Great cormorants (Phalacrorax carbo) can be found in every continent except South America and Antarctica. So I was not surprised to see one in the middle of Tokyo, in the birding hotspot of Shinobazu pond. There were several flying over the pond, but only one settled in full view in the middle of the pond. I examined it through my monster zoom, hoping that it was the Japanese cormorant, which I haven’t seen. But it was my auld acquantance, P. carbo. Interestingly, this is near the easternmost limit of the bird. It doesn’t cross large stretches of open water, so it isn’t found in the west coast of North America. Strangely, the route across the Bering strait is not taken, although it has hopped from northern Europe to Iceland, Greenland, and the east coast of North America, establishing breeding colonies in each of these places.
While I used the monster, The Family was trying to use her phone to get shots of the bird. It worked fairly well; she got an action shot of it flapping its wings dry. I’ve often wondered why a water bird like this has wettable wings. It seems that others have too. I found a paper which describes the paradox neatly: “Great cormorants should be constrained by water temperature. Surprisingly, it has the widest breeding distribution of all diving birds, and does not require more food.” The reason, as the paper finds, is that each feather has an outer part which wets instantly, and a core which remains waterproof. The air trapped in the core keeps the bird warm. The wettable outer part reduces its buoyancy, allowing it to sink faster when it dives.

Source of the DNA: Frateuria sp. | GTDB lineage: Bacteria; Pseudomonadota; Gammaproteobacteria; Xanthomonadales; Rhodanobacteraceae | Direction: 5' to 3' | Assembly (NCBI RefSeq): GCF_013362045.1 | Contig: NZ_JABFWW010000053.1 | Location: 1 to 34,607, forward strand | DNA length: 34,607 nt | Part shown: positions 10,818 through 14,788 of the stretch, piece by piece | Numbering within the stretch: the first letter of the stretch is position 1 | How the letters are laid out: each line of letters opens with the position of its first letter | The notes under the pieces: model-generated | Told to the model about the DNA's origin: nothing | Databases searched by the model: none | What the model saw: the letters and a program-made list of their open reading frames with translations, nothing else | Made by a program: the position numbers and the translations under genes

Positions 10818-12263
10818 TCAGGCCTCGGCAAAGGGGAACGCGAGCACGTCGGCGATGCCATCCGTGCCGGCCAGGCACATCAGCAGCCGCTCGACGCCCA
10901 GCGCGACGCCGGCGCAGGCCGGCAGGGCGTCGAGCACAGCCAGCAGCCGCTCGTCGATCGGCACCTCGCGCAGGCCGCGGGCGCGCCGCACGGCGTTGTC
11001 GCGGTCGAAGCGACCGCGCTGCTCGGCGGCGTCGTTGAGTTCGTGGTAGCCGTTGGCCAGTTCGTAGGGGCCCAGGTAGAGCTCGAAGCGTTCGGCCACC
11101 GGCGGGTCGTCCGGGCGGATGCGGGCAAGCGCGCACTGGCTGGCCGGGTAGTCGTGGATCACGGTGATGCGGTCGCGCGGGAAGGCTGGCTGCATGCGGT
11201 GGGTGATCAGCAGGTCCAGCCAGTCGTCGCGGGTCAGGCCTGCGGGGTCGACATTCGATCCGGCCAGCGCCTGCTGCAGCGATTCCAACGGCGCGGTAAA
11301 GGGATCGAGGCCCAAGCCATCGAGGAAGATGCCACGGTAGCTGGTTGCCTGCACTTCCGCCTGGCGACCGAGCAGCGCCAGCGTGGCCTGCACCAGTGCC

There aren’t many places on WordPress where bird watchers can share posts. If you post any photos of birds this week (starting today and up to next Monday), it would be great if you could leave a link in the comments, or a pingback, for others to follow. There is no compulsion to post a recent photo, but it would help others to know when and where you saw the bird.You might consider using the tag “Bird of the Week” in case people search for old posts using it.I hope you’ve had the time to look at what others have added this week and in the previous weeks.
December was a month when I began to look back at the wonderful sightings of birds I’d had in the past year. Updating lists and filling in lifers (that is bird watchers’ jargon for first sightings of birds) I realized that I had an unusually large number in 2022. The Chestnut-capped babbler in the featured photo was one of my most recent.
But in that trip I’d also had my first sightings of an Upland pippit (left in the gallery above), a Himalayan rubythroat (middle) and a Yellow-breasted bunting (right). “Isn’t this unusual?” I asked. “We are making trips for birds now,” The Family reminded me, “we didn’t target special habitats earlier.” That is true. Much of my early list of birds was incidental. “We are also going with much better birders,” I added. Birding, like any other skill depends on practice, and there are people who spend all their days on it. It is good to travel with them, but that’s not how we started.
I decided to look back at my earliest photos. The oldest one I could find was of this Spotted owlet, taken in 2005 in Kanha National Park. That was our first trip to see wildlife, and it was wildly successful. We saw three tigers, one a mother with three cubs. Everything was new to us. Even the sight of the very common spotted deer could stop us in admiration. We later realized that the spotted owlet was not uncommon at all, but it stars as the only bird I have a photo of from that trip.
I bought my first camera with an electronic sensor soon after. It was an Olympus with a sensational optical zoom of 10. I realized quite quickly that you need to creep up on a bird even with that camera. Armed with this, I managed to get quite close to a Yellow-wattled lapwing in Ranthambore in the spring of 2006 (left). I didn’t know then that lapwings are a large family of birds. In summer that year, on a walk on the beach at Asilomar in California, I could approach a Brown pelican close enough for the photo in the center. That was the first pelican I saw. Later in the year, in Patna I took my first photo of a flying bird. That’s the Asian openbill you see at the right.